Rickshaw Stop

155 Fell, SF

(415) 861-2011




Sallie Ford & the Sound Outside

It's easy to see how Sallie Ford & the Sound Outside has so quickly risen the ranks of the Portland music scene. The band's breezy blend of rockabilly, jumpy jazz, and 1950s rock 'n' roll is contagiously effective, punctuated with walking stand-up bass lines, lively percussion, and just the right amount of rebellious energy. But it's Ford herself that steals the show and lends the group its most compelling element. Channeling the yelping spirit of 1920s and 1930s-era blues singers such as Bessie Smith and Ida Cox, the wildly unhinged and raw passion in her voice has quickly won the band scores of fans, including the Avett Brothers, which the band accompanied for several shows throughout the West Coast and Colorado in 2009. (Landon Moblad)

With il gato

9 p.m., $12 Cafe Du Nord

2170 Market, SF

(415) 861-5016




White Mystery

Goddamn can Alex White sing. On guitar and vocals, Alex is half of Chicago, Ill. brother-sister duo White Mystery. Her brother Francis White, on drums, is the other half of this stripped down rock 'n' roll combo. The Bikini Kill comparisons are perhaps inescapable thanks to her powerful pipes and punchy riffs, but White Mystery is a different beast, one with two full heads of red hair that fly back and forth with each drum strike. The songs are simple and energetic: even as a two-piece, White Mystery sounds full with attitude that demands your attention. "I have an idea," says Alex at the beginning of its song "Party:" "let's have a party!" Yes, let's. (Berkmoyer)

With Burnt Ones

9 p.m., $7

Hemlock Tavern

1131 Polk, SF

(415) 923-0923





Edgar Wright

Gaining American mainstream exposure with 2004's zombie smash hit Shaun Of The Dead, continuing with the 2007 action farce Hot Fuzz, and most recently with last year's comic adaptation Scott Pilgrim vs. The World, writer and director Edgar Wright has brought us some of the most darkly hilarious and entertaining movies in recent memory. The British filmmaker visits the Castro Theatre tonight for a special "Midnights For Maniacs" event that will feature screenings of all three previously mentioned films, an assortment of shorts including the Grindhouse faux trailer Don't, plus a live onstage interview in conversation with host Jesse Hawthorne Ficks. (McCourt)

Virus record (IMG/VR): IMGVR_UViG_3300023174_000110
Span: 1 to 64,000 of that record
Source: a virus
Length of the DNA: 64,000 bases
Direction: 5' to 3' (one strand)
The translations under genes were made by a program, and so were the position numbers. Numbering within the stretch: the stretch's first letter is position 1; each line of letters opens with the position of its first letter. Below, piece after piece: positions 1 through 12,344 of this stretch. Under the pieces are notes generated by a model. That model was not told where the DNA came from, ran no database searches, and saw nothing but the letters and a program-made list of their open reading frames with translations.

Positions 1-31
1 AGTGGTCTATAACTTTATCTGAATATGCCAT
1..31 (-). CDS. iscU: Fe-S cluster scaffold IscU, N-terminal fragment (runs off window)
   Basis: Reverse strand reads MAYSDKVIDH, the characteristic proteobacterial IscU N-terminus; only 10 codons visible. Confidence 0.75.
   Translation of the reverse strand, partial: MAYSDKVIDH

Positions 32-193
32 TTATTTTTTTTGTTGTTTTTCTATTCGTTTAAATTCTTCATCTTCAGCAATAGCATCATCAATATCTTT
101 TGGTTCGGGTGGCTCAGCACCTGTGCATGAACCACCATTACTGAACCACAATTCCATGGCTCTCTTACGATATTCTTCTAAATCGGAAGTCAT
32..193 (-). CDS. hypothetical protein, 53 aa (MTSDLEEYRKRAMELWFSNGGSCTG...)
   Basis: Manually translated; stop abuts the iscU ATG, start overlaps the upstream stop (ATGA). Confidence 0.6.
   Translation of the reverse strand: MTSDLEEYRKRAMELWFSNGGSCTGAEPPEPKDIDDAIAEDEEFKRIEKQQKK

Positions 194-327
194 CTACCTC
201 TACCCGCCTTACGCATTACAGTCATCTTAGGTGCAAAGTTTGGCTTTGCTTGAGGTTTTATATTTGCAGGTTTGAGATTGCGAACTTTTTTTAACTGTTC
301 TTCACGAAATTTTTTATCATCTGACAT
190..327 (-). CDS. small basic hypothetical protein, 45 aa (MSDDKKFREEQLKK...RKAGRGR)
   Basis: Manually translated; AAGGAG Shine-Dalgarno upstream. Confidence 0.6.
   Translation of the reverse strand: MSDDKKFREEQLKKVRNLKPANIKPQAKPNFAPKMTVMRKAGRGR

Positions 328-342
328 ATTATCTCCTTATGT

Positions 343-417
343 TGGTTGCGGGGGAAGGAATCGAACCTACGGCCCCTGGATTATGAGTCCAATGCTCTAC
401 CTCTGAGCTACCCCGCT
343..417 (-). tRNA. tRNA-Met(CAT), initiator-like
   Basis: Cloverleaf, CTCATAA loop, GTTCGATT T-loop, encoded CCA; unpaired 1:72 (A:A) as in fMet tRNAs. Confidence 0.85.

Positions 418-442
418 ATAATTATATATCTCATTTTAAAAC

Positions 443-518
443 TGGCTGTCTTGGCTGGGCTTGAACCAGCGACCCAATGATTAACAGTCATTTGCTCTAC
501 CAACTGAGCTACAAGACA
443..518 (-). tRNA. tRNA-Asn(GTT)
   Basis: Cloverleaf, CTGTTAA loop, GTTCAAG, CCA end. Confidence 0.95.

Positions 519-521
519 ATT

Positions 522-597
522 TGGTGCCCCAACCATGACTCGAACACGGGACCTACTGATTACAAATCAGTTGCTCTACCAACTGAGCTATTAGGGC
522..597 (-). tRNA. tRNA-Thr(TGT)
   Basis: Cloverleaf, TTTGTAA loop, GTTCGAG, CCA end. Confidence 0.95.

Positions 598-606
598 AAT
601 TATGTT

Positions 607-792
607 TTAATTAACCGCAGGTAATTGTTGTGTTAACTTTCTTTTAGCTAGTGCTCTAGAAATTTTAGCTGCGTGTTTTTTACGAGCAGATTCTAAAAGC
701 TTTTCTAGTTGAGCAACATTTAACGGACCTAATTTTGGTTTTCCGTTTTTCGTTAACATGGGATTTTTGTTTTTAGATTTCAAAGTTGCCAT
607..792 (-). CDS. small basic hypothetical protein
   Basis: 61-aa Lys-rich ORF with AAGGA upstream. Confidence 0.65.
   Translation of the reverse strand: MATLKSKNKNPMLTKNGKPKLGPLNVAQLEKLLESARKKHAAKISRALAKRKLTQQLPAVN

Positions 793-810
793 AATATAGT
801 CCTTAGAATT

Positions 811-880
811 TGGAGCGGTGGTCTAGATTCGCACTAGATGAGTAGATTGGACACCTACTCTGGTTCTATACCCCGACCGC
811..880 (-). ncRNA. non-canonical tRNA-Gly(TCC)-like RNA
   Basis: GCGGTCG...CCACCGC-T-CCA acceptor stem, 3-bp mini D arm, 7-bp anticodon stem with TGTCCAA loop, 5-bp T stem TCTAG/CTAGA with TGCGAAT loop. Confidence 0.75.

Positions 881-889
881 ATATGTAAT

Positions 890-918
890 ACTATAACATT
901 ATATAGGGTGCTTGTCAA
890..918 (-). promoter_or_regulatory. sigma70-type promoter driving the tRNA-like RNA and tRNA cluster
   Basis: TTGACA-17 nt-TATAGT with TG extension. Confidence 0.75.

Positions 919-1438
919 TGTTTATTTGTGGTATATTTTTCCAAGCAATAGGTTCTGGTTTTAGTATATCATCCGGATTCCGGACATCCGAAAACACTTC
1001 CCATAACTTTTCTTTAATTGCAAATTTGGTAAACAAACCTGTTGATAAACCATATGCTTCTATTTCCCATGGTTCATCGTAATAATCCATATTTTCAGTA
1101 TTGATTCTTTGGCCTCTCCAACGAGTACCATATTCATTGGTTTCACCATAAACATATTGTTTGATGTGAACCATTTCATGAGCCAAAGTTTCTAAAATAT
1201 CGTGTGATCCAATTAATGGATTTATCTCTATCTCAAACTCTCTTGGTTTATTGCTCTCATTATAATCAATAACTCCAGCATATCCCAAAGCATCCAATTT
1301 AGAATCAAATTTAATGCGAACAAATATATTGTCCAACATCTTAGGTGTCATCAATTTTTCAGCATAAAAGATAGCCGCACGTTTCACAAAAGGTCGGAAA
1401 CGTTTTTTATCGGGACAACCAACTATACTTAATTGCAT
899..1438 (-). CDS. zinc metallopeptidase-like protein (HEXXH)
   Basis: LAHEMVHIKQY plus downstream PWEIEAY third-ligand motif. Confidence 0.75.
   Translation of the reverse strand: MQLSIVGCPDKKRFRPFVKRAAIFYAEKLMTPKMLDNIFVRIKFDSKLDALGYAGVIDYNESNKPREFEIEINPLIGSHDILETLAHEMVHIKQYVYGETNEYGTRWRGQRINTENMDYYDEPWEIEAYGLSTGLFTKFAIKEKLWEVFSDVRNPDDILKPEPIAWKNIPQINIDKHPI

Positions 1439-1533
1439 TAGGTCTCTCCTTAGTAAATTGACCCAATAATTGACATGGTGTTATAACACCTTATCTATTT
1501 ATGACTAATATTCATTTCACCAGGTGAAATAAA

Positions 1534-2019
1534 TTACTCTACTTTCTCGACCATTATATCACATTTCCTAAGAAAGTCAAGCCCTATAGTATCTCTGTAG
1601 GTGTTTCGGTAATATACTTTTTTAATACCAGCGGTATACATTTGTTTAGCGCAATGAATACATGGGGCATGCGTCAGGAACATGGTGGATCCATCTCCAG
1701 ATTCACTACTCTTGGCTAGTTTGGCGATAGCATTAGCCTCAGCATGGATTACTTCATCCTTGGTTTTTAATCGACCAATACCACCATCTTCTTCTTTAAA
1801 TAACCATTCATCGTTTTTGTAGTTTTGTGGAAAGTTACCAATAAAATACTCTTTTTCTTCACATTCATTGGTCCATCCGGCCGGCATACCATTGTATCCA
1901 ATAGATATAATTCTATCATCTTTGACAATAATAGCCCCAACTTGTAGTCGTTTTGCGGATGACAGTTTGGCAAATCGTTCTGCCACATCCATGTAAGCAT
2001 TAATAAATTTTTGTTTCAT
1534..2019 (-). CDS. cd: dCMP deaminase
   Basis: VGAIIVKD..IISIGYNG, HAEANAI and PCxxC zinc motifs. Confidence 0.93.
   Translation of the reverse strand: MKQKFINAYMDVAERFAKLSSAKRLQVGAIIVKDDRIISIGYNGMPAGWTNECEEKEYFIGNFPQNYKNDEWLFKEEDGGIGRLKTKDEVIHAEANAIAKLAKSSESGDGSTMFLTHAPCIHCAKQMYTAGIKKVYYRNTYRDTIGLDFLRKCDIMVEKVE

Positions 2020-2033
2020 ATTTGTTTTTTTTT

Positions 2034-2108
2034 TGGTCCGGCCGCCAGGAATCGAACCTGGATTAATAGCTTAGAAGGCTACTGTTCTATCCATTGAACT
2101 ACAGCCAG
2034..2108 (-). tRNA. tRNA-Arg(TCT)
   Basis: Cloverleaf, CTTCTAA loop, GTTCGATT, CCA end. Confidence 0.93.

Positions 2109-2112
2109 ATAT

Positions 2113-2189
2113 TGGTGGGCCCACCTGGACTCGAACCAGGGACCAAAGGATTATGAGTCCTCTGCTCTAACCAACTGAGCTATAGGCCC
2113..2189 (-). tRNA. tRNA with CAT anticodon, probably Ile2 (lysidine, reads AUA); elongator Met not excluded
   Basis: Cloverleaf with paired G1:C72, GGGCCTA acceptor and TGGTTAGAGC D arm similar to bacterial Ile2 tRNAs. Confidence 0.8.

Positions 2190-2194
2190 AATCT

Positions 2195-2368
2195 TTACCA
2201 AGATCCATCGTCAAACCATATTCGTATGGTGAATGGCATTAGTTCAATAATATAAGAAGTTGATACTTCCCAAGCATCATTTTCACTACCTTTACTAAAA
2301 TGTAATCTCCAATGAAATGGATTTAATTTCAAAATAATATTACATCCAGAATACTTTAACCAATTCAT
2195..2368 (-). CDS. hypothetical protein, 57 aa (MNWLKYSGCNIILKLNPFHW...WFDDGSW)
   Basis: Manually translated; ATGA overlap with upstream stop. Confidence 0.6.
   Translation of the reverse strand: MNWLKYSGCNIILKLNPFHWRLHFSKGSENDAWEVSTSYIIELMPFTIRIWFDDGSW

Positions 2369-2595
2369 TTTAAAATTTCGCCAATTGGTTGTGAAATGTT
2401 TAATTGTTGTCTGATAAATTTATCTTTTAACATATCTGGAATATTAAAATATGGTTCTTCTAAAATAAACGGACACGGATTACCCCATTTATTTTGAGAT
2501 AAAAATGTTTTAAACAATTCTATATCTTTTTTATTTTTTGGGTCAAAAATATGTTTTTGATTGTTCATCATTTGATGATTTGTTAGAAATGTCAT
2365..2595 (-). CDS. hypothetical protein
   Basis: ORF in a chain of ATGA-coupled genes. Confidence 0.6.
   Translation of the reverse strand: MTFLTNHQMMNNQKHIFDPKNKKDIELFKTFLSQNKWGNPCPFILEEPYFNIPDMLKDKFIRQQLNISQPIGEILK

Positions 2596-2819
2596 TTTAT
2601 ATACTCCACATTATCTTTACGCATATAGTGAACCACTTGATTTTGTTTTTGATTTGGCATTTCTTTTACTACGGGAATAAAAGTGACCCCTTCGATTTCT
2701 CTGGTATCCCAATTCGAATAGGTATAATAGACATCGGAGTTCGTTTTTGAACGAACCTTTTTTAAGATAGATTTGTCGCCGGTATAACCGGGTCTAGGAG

7 p.m., $15

Castro Theatre

429 Castro, SF.

(415) 621-6120




Traditional Fools

Snotty, sloppy and drunken, the Traditional Fools is everything garage rock should be. Notes crash into each other and vocals are kind of slurred over the consequent blur of fuzz, but something holds it all together for a few minutes until one song ends and another starts. "1-2-3-4!" It's a party in three pieces: Andrew, David, and Ty (of eponymous Ty Segall fame) are heir to the Mummies' budget rock sound with a twist of their own. If John Waters ever made a skate video (don't ask me, I don't know why he would, but if he did) the Traditional Fools would play in every scene. Does that make any sense? I'm not sure it does. (Berkmoyer)

With Outdoorsmen, Uzi Rash, and Shrouds

9 p.m., $10

Thee Parkside

1600 17th St., SF

(415) 252-1330




J-Pop Summit Festival